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Author Topic: Cleaning Anodized Aluminum  (Read 2810 times)
DrivingMissLazy
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« Reply #15 on: September 27, 2006, 11:51:38 AM »

Dallas, The topic of the post is Cleaning Anodized Aluminum

From Google:

Anodized Aluminum
Many metals are structurally weakened by the oxidation process, but not aluminum. Aluminum can actually be made stronger and more durable through a process called 'anodizing'. Anodizing involves placing a sheet of aluminum into a chemical acid bath, quite often acetone in laboratory experiments. The sheet of aluminum becomes the positive anode of a chemical battery and the acid bath becomes the negative. An electric current passes through the acid, causing the surface of the aluminum to oxidize (essentially rust). The oxidized aluminum forms a strong coating as it replaces the original aluminum on the surface.

 The result is an extremely hard substance called anodized aluminum only a few thousands thick coating.
The next hardest substance below diamonds so says the literature. It is a chemical process accomplished in a processing plant with somewhat toxic chemicals.

You can not do it yourself. And never try and remove it yourself. A monumental task that would then leave you with polished aluminum which you would have to keep polishing Similar to polished aluminum wheels.

A couple of links for more information.

http://www.anodizing.org/
http://www.anodizing.org/what_is_anodizing.html

Richard


Please note that the subject of this post is Cleaning Anodized Aluminum, not polished aluminum. These are two different animals and what works on polished will not help much on anodized.
Richard

Just yesterday, I discovered a GREAT product!!!
It is made here in my own county and was recommended to me by my bus mechanic.
It is called "BLING MASTER" and I tried it out on a piece of aluminum in my work van.
It made the aluminum shine like a mirror.† I can't wait to get to my bus to try it out.
It doesn't take much effort either.
Check out the website: www.BlingMaster.com



Richard,
I wouldn't have answered the way I did if it was aluding to "anodized" aluminum.
I didn't see any referral to anodizing† refered to in Cliffs posts at all.

I took it that Cliff had panels that were still shiney,(anodized), and others that were grubby and dull.
If I did take it right, then the best thing to do is get rid of the rest of the anodization and polish what is left.

Or, he could re-anodize the existing aluminum, which isn't really dificult, but does require experience and a certain touch.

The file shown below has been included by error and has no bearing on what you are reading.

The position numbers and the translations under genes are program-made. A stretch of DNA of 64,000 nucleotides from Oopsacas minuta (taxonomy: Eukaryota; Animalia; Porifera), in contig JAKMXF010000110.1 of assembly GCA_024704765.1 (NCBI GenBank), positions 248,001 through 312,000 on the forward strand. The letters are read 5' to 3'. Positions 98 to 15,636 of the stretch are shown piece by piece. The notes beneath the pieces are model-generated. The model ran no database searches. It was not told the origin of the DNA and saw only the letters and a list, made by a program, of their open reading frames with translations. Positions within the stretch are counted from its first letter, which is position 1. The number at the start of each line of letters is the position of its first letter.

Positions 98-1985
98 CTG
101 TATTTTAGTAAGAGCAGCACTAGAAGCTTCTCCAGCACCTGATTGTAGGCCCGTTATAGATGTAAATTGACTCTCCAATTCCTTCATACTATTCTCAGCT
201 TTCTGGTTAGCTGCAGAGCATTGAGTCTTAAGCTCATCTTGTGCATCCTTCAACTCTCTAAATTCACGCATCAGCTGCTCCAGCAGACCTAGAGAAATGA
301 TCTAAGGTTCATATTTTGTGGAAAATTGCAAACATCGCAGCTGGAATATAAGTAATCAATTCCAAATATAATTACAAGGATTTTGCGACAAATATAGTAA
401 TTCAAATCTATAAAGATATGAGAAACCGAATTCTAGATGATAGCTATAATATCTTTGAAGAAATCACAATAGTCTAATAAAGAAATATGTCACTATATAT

Dallas


« Last Edit: September 27, 2006, 11:55:49 AM by DrivingMissLazy » Logged

Life should NOT be a journey to the grave with the intention of arriving safely in an attractive and well preserved body. But rather to skid in sideways, chocolate in one hand, a good Reisling in the other, body thoroughly used up, totally worn out and screaming:  WOO HOO, what a ride
Len Silva
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« Reply #16 on: September 27, 2006, 01:04:34 PM »

The way I understand it, Anodize is not a finish which is applied to aluminum but rather, a process where the aluminum oxide is enhanced with chemical baths and electrolysis.

This from the Aluminum Adodizers Council
http://www.anodizing.org/what_is_anodizing.html

...anodizing is accomplished in five carefully controlled, calibrated, quality-tested stages:

1.  Cleaning. Alkaline and/or acid cleaners remove grease, and surface dirt.

2.  Pre-Treatment.

Etching. An appealing matte surface finish is created with hot solutions of sodium hydroxide to remove minor surface imperfections. A thin layer of aluminum is removed to create a matte or dull finish.
Brightening. A near mirror finish is created with a concentrated mixture of phosphoric and nitric acids which chemically smooths the aluminum's surface.

3.  Anodizing. The anodic film is built and combined with the metal by passing an electrical current through an acid electrolyte bath in which the aluminum is immersed. The coating thickness and surface characteristics are tightly controlled to meet end product specifications.

4.  Coloring

5.  Sealing

Len

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